Photos: Treasure Island: New species in Madagascar

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  1. Marvels of Madagascar

    Between 1999 and 2010, the World Wildlife Fund (now better known as WWF) discovered 615 new species in Madagascar, one of the planet's richest tropical habitats. Many of those species, however, are endangered due to deforestation, illegal wildlife trade and other factors. One of the species on the WWF's list is Berthe's mouse lemur (Microcebus berthae), which was discovered in 2000. Its average body length of 3.6 inches makes this lemur the world's tiniest primate. (Harald Schuetz / WWF Madagascar) Back to slideshow navigation
  2. Hotspot for species

    The area of Madagascar known as PK32-Ranobe, seen in this wide-angle photo, is a hotspot of biodiversity that is almost completely surrounded by mining concessions. WWF is currently applying for the extension of the protected area to include more key habitats. Negotiations with mining companies remain challenging: Every year, large areas of Ranobe forests are felled by charcoal sellers, and in the past, much of the region was granted for mining concessions for the various minerals deposited in its rich sand soils. (Xavier Vincke / WWF Madagascar) Back to slideshow navigation
  3. Chameleon goes 'glam'

    This colorful chameleon species, Furcifer timoni, was found in the isolated rainforests of northern Madagascar and described scientifically in 2009. Both the males and the females of the species seem to sport vibrant "glam rock" makeup. Scientists say the discovery of this distinctive new species was surprising, because this area had been repeatedly and intensively surveyed for reptiles over many years. (Patrick Schönecker / WWF Madagascar) Back to slideshow navigation
  4. Frog of a different color

    Boophis bottae is one of 69 amphibians discovered over the last 11 years. The global importance of Madagascar's amphibian species is paramount, especially because of the group's extreme diversity on the island. Amphibians are in decline worldwide, and on Madagascar, a recent DNA survey suggested that habitat destruction may be affecting more species than previously thought. (Axel Strauss / WWF Madagascar) Back to slideshow navigation
  5. Lots and lots of lemurs

    In 1992, there were only two known species of mouse lemurs. Since then, the number has jumped to 15 species, including the Berthe's mouse lemur seen here. Great diversity can be found even within species. Scientists examined 70 mouse lemurs with varying coat colors, from different types of forest locations on Madagascar, and found that the lemurs were in fact all of the same species. (Louise Jasper / WWF Madagascar) Back to slideshow navigation
  6. A riot of color

    This female specimen of the chameleon known as Furcifer timoni exhibits the "glam rock" coloring that the species is known for. Eleven new chameleon species have been described since 1999. (Frank Glaw / WWF Madagascar) Back to slideshow navigation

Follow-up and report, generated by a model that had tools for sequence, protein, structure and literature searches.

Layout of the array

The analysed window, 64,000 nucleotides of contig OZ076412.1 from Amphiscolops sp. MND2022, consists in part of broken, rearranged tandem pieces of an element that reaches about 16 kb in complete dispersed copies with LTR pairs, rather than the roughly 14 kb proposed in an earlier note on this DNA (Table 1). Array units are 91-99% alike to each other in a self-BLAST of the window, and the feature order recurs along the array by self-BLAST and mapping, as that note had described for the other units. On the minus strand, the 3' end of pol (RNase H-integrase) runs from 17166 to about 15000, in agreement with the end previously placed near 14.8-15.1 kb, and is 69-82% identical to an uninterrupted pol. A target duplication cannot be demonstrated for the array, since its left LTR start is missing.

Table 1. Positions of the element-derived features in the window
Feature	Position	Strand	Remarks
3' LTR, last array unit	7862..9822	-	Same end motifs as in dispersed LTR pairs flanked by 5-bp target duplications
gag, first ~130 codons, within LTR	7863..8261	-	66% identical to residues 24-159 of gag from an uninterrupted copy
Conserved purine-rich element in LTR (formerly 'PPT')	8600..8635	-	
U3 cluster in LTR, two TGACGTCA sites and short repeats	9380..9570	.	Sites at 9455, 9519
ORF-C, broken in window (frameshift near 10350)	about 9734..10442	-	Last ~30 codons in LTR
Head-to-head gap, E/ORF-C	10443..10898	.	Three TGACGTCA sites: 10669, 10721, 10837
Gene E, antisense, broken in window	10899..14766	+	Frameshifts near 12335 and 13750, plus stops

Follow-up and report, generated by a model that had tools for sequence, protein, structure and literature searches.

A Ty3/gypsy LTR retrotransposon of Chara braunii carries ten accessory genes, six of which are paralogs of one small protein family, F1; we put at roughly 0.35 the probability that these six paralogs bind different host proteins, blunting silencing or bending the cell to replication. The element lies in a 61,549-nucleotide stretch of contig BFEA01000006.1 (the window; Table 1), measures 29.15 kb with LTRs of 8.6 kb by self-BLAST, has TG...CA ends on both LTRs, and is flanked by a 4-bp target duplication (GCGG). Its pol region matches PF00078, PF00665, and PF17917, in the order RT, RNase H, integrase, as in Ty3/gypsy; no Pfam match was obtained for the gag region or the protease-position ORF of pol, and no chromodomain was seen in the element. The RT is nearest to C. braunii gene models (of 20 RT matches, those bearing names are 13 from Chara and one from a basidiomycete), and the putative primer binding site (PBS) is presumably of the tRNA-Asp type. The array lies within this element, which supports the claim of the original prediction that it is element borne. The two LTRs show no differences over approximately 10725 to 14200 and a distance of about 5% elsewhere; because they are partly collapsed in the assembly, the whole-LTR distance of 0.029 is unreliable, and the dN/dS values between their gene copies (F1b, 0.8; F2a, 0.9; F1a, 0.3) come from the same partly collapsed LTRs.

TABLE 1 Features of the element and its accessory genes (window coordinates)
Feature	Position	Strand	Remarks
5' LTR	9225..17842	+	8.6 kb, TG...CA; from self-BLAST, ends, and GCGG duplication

7. Frogs pair up

    A male frog (Boophis lilianae) grips a female in his mating embrace amid the greenery of Ranomafana National Park in Madagascar. This species was first described scientifically in 2008. (Axel Strauss / WWF Madagascar) Back to slideshow navigation
  8. King of the chameleons?

    This species of chameleon, known as Calumma tarzan, was first described in 2010 and is found in central and eastern Madagascar. The species name refers to Tarzanville, a village close to the creature's habitat, as well as to the "ape man" of Edgar Rice Burroughs' novels. "We dedicated the new species to the fictional forest man 'Tarzan' in the hope that this famous name will promote awareness and conservation activities for this apparently highly threatened new species and its habitats," researcher Sebastian Gehring said. (Mark Creeten / WWF Madagascar) Back to slideshow navigation
  9. A splash of red

    The chameleon known as Furcifer timoni sports a red splotch and psychedelic spots of blue in this photograph, snapped in the isolated rainforests of the Montagne d'Abre massif in northern Madagascar. (Jörn Köhler / WWF Madagascar) Back to slideshow navigation
  10. Rainforest frog

    The frog known as Gephyromantis tschenki was first described as a new species in 2001. It's found in Madagascar's nature preserves, including the Ranomafana region and Befotaka-Midongy National Park. (Axel Strauss / WWF Madagascar) Back to slideshow navigation
  11. Gecko in disguise

    It's easy to see why this species eluded scientists until recently. The cork bark leaf-tailed gecko (Uroplatus pietschmanni) was discovered in 2003 by scientists in the eastern coastal rainforest of Madagascar. The 5-inch-long species likes to climb thick branches, corkbark, and sturdy broadleafed plants, and thus has the perfect camouflage. (Ben Smith / WWF Madagascar) Back to slideshow navigation